There are nuggets of Jewish mysticism and folklore sprinkled throughout this novel, making it well worth the struggle to piece together a cohesive narrative. Waldman shares this insight with his analyst:

In my tradition man is supposed to believe that Satan chooses as his favorite prey the just man, not the sinner. Satan is brave. And ambitious. Cunning. He deals with minor everyday sinners out of habit, between two yawns, almost without giving it a thought. He prefers to go where he isn't expected. Where the challenge means a struggle. Where victory, always uncertain, will create a sensation even in the loftiest spheres. Parenthetically, Doctor, do you believe in this theory?

Elie Wiesel has helped to guide me towards my own spiritual quest; perfect nourishment for Passover.
Photo by Talvi: gefilte fish, this time salmon

Thursday, April 2, 2009

My Big Skinny Greek Recital

Last night I decided to head on down to Benaroya Hall to hear Greek violinist Leonidas Kavakos with Italian pianist Enrico Pace. This will conclude my eye-witness account of the local music scene facing economic survival for the time being. Passover begins next week, so I'll be pre-occupied with Chometz, the stuff that causes leavening in food and puffing up of the ego, as well as what it means to be liberated. I didn't want to miss Kavakos, especially after reading this quote: "Music is about devotion, and knowing when to be free."

I'm an admirer of this unique violinist, having enjoyed his recordings, especially the Ysaye Six Solo Sonatas, over the years. As a violinist myself, I'm grateful that Kavakos is not the cookie-cutter model, like most American players streaming out of Juilliard. To be sure, if Leonidas Kavakos were growing up in Seattle today, the local puffed up "pedagogues" might take him to task for displaying an unorthodox bow hold. They'd probably insist on sending him to "violinist rehab", a place to be molded like everyone else.

Kavakos and Pace presented a program that might have been considered too austere and esoteric for the Seattle crowd. They offered an entire menu of sonatas by Beethoven, Shostakovich, and Richard Strauss. The main floor appeared rather full, but like the last two events that I attended at Benaroya, the tiers were empty, even more so. I suspect the house was papered to a degree. A student I bumped into admitted he had been given a free ticket. Also, clapping occurred between movements, even during Beethoven's Third Sonata, suggesting the audience might have been unfamiliar with concert etiquette. Personally, I see no harm in bursting into applause at the conclusion of a movement—don't opera audiences cheer after a beautiful aria?—but Mr. Kavakos appeared perturbed by the disruptions in his performance. At one point, he wagged his bow like a finger, as if to indicate the audience had been naughty, and to serve as a warning. After the initial movement of the Strauss, he gestured with his hand to prevent applause.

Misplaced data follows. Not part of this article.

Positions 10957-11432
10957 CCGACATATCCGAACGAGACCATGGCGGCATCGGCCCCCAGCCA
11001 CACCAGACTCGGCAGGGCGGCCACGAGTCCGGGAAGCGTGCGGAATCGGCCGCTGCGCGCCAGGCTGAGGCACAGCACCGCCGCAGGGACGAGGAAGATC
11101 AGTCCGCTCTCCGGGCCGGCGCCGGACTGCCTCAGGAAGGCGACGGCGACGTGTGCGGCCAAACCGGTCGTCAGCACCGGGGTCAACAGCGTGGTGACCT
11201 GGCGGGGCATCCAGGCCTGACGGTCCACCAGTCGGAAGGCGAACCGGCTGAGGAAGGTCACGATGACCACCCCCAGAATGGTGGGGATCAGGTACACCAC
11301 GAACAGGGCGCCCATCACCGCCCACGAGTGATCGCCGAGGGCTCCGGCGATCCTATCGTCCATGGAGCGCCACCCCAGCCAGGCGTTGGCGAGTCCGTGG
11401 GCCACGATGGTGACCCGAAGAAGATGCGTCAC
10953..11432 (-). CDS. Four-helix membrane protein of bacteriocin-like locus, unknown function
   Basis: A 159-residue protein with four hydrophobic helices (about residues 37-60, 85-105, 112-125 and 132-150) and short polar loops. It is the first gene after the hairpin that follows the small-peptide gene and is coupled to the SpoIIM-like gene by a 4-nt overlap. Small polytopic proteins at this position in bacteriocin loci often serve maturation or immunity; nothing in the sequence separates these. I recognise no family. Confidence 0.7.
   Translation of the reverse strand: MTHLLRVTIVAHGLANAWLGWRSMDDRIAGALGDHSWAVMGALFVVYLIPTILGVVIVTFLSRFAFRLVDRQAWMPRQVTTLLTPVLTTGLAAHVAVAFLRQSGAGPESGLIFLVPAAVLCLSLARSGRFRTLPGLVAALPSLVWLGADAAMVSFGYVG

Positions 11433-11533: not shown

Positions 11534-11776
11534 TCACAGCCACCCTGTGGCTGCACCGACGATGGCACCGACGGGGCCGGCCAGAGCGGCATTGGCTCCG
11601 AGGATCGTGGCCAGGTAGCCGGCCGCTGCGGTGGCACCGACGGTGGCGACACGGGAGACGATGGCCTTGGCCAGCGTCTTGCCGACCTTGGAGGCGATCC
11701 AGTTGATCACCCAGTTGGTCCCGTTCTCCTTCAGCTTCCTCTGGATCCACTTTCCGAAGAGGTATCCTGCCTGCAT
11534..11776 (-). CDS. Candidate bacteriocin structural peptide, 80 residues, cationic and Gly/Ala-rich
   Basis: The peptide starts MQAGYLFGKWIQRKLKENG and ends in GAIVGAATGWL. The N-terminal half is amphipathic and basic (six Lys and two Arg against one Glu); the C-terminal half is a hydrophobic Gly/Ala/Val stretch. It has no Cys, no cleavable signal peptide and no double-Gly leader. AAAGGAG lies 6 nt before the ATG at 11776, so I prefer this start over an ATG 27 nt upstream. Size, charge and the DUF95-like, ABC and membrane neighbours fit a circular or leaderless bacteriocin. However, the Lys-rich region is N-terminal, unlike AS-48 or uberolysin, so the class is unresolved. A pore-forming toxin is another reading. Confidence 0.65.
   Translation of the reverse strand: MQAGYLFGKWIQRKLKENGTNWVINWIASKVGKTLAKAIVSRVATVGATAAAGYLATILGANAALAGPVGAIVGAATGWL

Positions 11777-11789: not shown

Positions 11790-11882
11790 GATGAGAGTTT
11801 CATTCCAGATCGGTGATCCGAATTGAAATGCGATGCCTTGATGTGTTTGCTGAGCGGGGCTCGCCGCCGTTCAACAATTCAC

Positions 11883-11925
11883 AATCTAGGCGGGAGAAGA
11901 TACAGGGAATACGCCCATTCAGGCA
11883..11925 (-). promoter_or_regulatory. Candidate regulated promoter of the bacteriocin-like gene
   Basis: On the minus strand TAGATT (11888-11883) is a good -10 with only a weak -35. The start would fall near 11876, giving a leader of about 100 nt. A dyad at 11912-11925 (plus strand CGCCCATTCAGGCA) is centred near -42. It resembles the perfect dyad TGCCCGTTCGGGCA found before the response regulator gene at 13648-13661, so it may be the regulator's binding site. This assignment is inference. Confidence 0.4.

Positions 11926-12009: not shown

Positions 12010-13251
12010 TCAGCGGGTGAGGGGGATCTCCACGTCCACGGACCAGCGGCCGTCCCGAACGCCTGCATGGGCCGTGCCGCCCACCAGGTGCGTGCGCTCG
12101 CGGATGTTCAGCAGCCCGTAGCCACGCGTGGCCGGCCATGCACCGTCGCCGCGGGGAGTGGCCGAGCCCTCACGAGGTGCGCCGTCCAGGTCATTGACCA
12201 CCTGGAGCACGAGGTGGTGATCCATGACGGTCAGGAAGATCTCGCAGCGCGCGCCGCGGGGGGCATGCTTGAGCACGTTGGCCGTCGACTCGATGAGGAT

I was surprised to not find more music students, particularly violinists, in the audience. True, Leonidas Kavakos is not a household name in Seattle. However, he conveys an originality of style and mercurial technique seldom heard these days. The collaboration of Kavakos and Pace in the Beethoven Sonata Op. 12 displayed elegance and integrity between both partners. The Shostakovich Sonata Op. 134, a work created for David Oistrakh, casts a gloomy, forboding mood which, to my mind, could serve as commentary for the decline of cultural standards and current affairs. During the second movement, the sinister sounding Allegretto, Kavakos and Pace played as if they were demonically possessed. Theirs was an electrifying performance, which caused this listener to bellow "Bravo".

The program concluded with the Violin Sonata in E-flat Major of Richard Strauss. Although it was played beautifully by both artists, and Kavakos possesses a suave, sumptuous tone, I felt the piece fell short on the Viennese cafe style for which, especially the slow movement, it was conceived. It could have used just a tad more, let's see—how can I word this—schmaltz.

Clearly, if orchestra programs are a tough sell, recitals today are even less in vogue. Perhaps such programs might be better served in smaller venues, as they were originally intended; one misses a more intimate setting.
Photo by Yannis Bournias